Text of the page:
Interview: Standup Comic Jeff Simmermon Tells (Not So) Tall Tales


Jeff Simmermon may be an award-winning slam storyteller whose live appearances at the Moth in NYC, on radio with NPR’s This American Life, and in written form in The Paris Review Daily, have made him the toast of the contemporary literati. Yet, it is as a standup comic that he is currently having the most effect (or at least the most fun). Now, as Simmermon commences his debut comedy club tour this Spring 2017 in support of his rousing new album (pink vinyl, yet) And I Am Not Lying, he covers everything from hanging out with Reverend Al Sharpton to dating in Australia. He called us from his home in New York City, just before the start of his tour.

A.D. Amorosi: I’ve seen you in the past, sans facial hair, and I have to say that you are really letting that beard grow out. Why is that?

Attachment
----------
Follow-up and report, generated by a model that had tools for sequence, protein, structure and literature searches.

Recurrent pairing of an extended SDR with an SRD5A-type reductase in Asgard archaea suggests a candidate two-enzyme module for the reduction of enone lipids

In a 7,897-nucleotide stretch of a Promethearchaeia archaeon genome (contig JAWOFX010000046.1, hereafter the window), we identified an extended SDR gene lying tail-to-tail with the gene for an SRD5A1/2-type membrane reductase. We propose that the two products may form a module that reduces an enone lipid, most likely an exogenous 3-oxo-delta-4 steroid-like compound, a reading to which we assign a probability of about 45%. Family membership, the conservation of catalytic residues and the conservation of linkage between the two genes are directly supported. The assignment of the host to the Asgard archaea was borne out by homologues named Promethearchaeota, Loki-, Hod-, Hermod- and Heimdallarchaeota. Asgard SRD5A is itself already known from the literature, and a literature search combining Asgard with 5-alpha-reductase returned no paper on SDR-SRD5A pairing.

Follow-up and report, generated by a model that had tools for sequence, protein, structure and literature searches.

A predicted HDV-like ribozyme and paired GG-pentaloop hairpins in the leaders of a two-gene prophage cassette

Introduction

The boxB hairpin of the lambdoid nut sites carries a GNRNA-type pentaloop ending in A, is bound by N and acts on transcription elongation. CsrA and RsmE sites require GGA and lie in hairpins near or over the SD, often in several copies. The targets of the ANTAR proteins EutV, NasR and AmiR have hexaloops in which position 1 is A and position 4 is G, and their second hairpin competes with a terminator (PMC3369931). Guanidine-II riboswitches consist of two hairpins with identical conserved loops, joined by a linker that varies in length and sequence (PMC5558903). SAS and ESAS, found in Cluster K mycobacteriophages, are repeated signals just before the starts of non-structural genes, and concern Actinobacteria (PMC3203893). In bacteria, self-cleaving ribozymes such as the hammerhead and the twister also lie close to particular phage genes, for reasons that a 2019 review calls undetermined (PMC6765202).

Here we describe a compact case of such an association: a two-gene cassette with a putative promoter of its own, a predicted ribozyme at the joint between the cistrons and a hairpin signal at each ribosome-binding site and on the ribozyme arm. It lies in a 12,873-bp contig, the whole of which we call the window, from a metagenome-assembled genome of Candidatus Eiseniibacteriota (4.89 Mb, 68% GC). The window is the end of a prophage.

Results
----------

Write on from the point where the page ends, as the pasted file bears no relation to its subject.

Jeff Simmermon: I went camping in the Outback in 2015 and simply haven’t shaved since I got back. It just kept going.

A.D.: You talk about Australia quite a bit in your act. It’s vast, I’ve been there. You lived and worked there in the early aughts. What’s the attraction?
Jeff: I grew up loving Road Warrior movies, so there’s that, Plus I met a woman online in 2003 before I realized that maybe I shouldn’t fall in love via the internet, which I did. So I sold my drums, my records and my van to fly out and meet her. I moved in with her for like 9 months, so it worked for a minute. I made friends, some of my best, too, and spent time in the Outback, camping, with kangaroos. Australia really got down into my soul. All that space, though it looks like nothing’s going on, is teeming with life. And I love the quiet and extreme heat. I grew up on the East Coast – there’s no quiet there.